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Policy report
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The current wave of digital transformation is rapidly changing industrial production processes. The Internet of Things, cloud computing and other innovations facilitate a more software-driven, individual and efficient way of producing goods and services. And it presents a formidable challenge to EU policymakers, since only a successful transformation of European industry in general and of manufacturing industry in particular can ensure Europe’s competitiveness in the future.

If the Fourth Industrial Revolution in the EU is to be a success, an important ingredient is bound to be the mass upgrading of the digital skills of European workers, which will enable them to keep up with the pace of technological progress. This means that in education policy policymakers are primarily concerned with reskilling and upskilling opportunities for companies, employees and skilled craftsmen. Furthermore, reskilling opportunities should be industry-specific and provided at a local level. The main obstacle to a comprehensive provision of reskilling opportunities for European citizens is the multi-faceted digital divide within the European Union. Without outside support, less innovative European regions and SMEs may well miss out on the current wave of digital transformation. In the absence of a regional or internal capacity to develop reskilling programmes or to find out more about the possibilities of new production methods, many European manufacturing companies could easily be outcompeted by their American and Asian rivals.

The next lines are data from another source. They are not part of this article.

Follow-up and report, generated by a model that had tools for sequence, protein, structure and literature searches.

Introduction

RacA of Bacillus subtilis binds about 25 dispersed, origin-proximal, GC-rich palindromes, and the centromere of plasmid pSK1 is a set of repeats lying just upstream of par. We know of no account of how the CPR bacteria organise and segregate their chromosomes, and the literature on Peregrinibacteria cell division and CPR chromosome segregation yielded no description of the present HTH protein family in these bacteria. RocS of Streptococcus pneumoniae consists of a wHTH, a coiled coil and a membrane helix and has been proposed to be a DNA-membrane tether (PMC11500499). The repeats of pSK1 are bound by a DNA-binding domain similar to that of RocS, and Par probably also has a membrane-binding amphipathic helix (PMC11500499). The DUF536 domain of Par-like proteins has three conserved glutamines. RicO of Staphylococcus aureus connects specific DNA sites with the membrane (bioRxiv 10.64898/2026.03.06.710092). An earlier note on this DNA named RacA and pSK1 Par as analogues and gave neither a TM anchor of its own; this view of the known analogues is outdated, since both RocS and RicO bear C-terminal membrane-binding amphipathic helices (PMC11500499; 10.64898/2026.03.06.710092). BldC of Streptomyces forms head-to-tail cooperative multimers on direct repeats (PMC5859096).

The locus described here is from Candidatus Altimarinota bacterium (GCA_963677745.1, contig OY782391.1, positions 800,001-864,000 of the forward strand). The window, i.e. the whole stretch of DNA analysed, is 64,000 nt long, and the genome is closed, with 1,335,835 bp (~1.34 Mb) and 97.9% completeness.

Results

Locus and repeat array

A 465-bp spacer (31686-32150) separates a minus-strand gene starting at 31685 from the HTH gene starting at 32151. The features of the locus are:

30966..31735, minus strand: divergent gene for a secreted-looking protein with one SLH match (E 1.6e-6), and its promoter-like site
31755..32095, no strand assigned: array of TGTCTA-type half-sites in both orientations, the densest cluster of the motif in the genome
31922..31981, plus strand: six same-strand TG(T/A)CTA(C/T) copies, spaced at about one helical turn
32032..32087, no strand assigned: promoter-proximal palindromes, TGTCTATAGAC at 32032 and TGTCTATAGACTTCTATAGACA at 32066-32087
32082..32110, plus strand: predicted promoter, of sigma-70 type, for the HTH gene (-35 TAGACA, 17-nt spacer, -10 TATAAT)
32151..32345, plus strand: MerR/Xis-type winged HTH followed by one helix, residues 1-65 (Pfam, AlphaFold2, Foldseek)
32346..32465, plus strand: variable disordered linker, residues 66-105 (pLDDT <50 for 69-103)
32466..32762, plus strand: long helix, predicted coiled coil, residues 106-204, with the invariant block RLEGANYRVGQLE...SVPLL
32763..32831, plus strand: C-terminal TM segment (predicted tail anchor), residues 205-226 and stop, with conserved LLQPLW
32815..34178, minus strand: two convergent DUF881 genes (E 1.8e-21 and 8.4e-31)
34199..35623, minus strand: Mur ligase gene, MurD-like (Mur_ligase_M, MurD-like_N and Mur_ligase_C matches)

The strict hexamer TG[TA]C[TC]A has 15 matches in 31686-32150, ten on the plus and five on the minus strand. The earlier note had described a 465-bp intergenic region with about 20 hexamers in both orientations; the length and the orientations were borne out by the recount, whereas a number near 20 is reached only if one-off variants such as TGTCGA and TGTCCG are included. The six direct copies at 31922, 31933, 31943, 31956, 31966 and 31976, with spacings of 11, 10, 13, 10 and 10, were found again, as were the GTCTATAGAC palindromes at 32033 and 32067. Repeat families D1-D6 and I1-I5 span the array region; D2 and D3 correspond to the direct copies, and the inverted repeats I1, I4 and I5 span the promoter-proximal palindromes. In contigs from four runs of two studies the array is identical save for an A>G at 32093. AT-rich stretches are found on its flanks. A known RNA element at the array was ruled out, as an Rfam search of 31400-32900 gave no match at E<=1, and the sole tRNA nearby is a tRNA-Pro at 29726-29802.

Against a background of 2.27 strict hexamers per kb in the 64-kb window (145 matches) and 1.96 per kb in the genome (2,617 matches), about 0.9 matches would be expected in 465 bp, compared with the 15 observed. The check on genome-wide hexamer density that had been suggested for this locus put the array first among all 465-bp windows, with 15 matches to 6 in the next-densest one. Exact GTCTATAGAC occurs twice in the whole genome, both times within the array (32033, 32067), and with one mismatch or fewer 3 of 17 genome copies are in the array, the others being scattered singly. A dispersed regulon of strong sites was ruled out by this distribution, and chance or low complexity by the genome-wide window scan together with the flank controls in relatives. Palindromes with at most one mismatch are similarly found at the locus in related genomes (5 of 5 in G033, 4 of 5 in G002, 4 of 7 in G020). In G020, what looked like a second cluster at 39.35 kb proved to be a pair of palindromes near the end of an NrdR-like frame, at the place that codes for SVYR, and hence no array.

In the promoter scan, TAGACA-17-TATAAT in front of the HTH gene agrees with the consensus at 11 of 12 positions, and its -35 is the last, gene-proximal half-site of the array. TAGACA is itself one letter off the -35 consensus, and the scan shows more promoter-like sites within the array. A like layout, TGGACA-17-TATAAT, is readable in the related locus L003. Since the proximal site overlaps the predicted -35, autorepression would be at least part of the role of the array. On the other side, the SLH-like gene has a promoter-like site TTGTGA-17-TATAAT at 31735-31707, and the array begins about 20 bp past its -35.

The need to develop reskilling programmes for connected production and the multi-faceted digital divide within the EU should encourage European policymakers to develop a European reskilling approach. Bearing in mind the institutional constraints within the EU concerning education policy (which to all intents and purposes is in the hands of the Member States), this policy paper makes two recommendations with regard to the development of a European reskilling strategy.

1. Build a “European Coalition for Reskilling and Digitizing Industry” consisting of large European manufacturing companies which can help SMEs throughout the EU to develop their own reskilling programmes. The coalition would be modelled on the Digital Skills and Jobs Coalition.

2.Upgrade the network of Digital Innovation Hubs into a network for innovation and skills development and training. Digital Innovation Hubs can function as regional facilitators that bring together regional SMEs seeking reskilling opportunities and large companies in the European Coalition for Reskilling outlined in 1.

Publication Details
Access Rights Type:
Policy Paper 175